PRACTISE YOUR
LISTENING SKILLS


flag.jpgListen to the same six people talking about their skills and experience. Circle the statement, A or B, which is true for each speaker.
Key. Speaker 1: A
Speaker 2: A
Speaker 3: В
Speaker 4: В
Speaker 5: В
Speaker 6: В

Speaker 1
A   Skills are more important than qualifications.
В   Qualifications and skills are equally important.
Speaker 2
A   The right qualification is the most important thing.
В   The right skill is the most important thing.
Speaker 3
A   A combination of qualifications, skills and luck is important.
В   A combination of experience, skills and luck is important.
Speaker 4
A   Qualifications are extremely important.
В   Qualifications can sometimes be useful.
Speaker 5
A   Qualifications are useful, but not very important.
В   Qualifications are very important.
Speaker 6
A   It is easy to get this job.
B   It is difficult to get this job.

Tapescript

Speaker 1


Well, you don't need a degree or anything like that for this job, I can tell you. I mean, really, you actually don't need any qualifications at all. Skills are a different matter, though. You've got to be good at dealing with people, always be polite and friendly, never get annoyed, that sort of thing. You've also got to look clean and smart and generally just be a helpful person, I suppose.

Speaker 2


The most important thing is that you have a licence to drive a public bus. However good at driving you are, if you don't have the licence, you won't get the job. And you get the licence by taking a driving test, but it's a little bit more difficult than the test for driving a car. I personally think you have to be polite and friendly, although I do know a few other bus drivers who wouldn't agree! What else? You used to have to be quite good at maths, because, as I said, we had to give change, but you don't really need that any more.

Speaker 3


Qualifications? None. You can leave school with nothing at the age of sixteen and still become a DJ. That's the beauty of it! To get a show like mine on national radio, you need to have lots and lots of experience, probably starting in local radio. You've got to have a good, clear, friendly voice, and, of course, to love music. And you've got to have a lot of luck! How you look doesn't make any difference, thank goodness! That's what I love about the radio!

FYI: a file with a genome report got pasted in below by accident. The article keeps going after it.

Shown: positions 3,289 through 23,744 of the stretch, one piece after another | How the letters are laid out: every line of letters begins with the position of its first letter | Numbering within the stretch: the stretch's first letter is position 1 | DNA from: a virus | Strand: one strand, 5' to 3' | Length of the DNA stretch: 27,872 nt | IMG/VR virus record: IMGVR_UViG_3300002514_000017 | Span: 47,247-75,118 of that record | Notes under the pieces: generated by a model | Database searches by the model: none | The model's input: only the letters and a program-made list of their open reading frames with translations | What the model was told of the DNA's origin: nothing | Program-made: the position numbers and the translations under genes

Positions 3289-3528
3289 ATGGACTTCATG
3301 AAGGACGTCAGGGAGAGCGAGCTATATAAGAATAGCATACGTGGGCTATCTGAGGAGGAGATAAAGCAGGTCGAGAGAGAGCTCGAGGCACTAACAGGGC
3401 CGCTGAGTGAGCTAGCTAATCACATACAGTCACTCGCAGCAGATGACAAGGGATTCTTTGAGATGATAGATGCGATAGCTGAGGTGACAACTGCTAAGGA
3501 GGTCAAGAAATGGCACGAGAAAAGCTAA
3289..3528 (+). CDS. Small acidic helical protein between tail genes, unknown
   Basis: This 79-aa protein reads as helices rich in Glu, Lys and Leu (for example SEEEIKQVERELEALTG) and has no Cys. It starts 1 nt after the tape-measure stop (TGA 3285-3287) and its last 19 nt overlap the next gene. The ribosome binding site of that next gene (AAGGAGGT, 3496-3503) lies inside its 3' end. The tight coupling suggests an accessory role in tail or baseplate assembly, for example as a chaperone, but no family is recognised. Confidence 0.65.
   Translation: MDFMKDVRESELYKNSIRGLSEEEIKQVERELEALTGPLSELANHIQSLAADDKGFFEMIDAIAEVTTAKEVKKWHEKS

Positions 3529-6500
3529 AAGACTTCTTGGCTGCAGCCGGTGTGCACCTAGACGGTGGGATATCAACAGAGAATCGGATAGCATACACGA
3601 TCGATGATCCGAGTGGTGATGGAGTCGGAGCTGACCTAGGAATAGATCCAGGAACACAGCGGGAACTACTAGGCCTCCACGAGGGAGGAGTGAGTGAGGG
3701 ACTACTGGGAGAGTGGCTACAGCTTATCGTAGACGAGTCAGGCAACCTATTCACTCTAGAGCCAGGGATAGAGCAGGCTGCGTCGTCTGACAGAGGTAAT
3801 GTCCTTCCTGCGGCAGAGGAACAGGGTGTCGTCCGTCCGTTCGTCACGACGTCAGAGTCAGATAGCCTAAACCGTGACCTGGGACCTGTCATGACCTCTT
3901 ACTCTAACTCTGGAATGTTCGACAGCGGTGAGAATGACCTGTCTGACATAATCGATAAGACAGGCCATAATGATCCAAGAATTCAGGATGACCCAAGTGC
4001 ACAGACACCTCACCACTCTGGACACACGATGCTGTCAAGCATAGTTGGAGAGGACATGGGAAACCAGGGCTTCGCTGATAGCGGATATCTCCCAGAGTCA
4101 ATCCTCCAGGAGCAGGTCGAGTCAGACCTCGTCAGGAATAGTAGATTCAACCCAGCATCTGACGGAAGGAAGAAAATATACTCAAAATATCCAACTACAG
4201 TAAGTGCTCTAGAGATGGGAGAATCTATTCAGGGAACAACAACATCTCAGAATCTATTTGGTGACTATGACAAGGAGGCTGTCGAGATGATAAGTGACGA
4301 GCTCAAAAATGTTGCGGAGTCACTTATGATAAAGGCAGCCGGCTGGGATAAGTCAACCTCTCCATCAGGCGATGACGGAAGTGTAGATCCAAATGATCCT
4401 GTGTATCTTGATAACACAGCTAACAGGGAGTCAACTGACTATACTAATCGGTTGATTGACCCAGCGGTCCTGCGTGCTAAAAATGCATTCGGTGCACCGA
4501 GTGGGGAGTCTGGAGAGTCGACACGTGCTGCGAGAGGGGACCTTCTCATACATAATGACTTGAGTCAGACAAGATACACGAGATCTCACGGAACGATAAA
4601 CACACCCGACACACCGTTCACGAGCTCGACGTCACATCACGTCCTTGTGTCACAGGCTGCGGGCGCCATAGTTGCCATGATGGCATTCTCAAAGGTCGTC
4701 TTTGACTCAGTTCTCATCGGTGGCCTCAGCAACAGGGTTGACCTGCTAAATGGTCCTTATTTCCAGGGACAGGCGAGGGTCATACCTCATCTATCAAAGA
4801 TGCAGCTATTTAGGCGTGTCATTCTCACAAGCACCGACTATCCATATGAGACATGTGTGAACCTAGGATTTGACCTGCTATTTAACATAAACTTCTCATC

Speaker 4


Well, I suppose it helps if you've studied photography at university or college, but I do know some great photographers who've never really studied it. It's more important that you've got a very good sense of what makes a good picture - and that comes really from experience. It's also a natural talent, though, I think. Some people will never make good photographers, however much they study or practise. For my job, you've also got to love travelling and, because I run my own business, you've got be organized and quite good at maths.

Speaker 5


Yes, you've got to have a university degree, and also a teaching qualification. You see, it's not just about how much you know about the subject - it's also how well you can teach it to other people. They're actually quite different things. You've got to like children, of course, and you've got to be enthusiastic. If you're not enthusiastic, then the kids are just going to get bored, aren't they? You've also got to be happy not earning a lot of money!

Speaker 6


Yes, well, you can't really become a judge without having been a lawyer for a long time beforehand. And to become a lawyer, you really need to do a law degree at university. So, yes, there's a lot of work to do before you can become a judge. I think you have to be very logical and analytical, and, of course, fair. You've got to have very good listening skills, too.


flag.jpgListen again and match each speaker with a statement.
Key.
Speaker 1: f 
Speaker 2: с 
Speaker 3: e
Speaker 4: d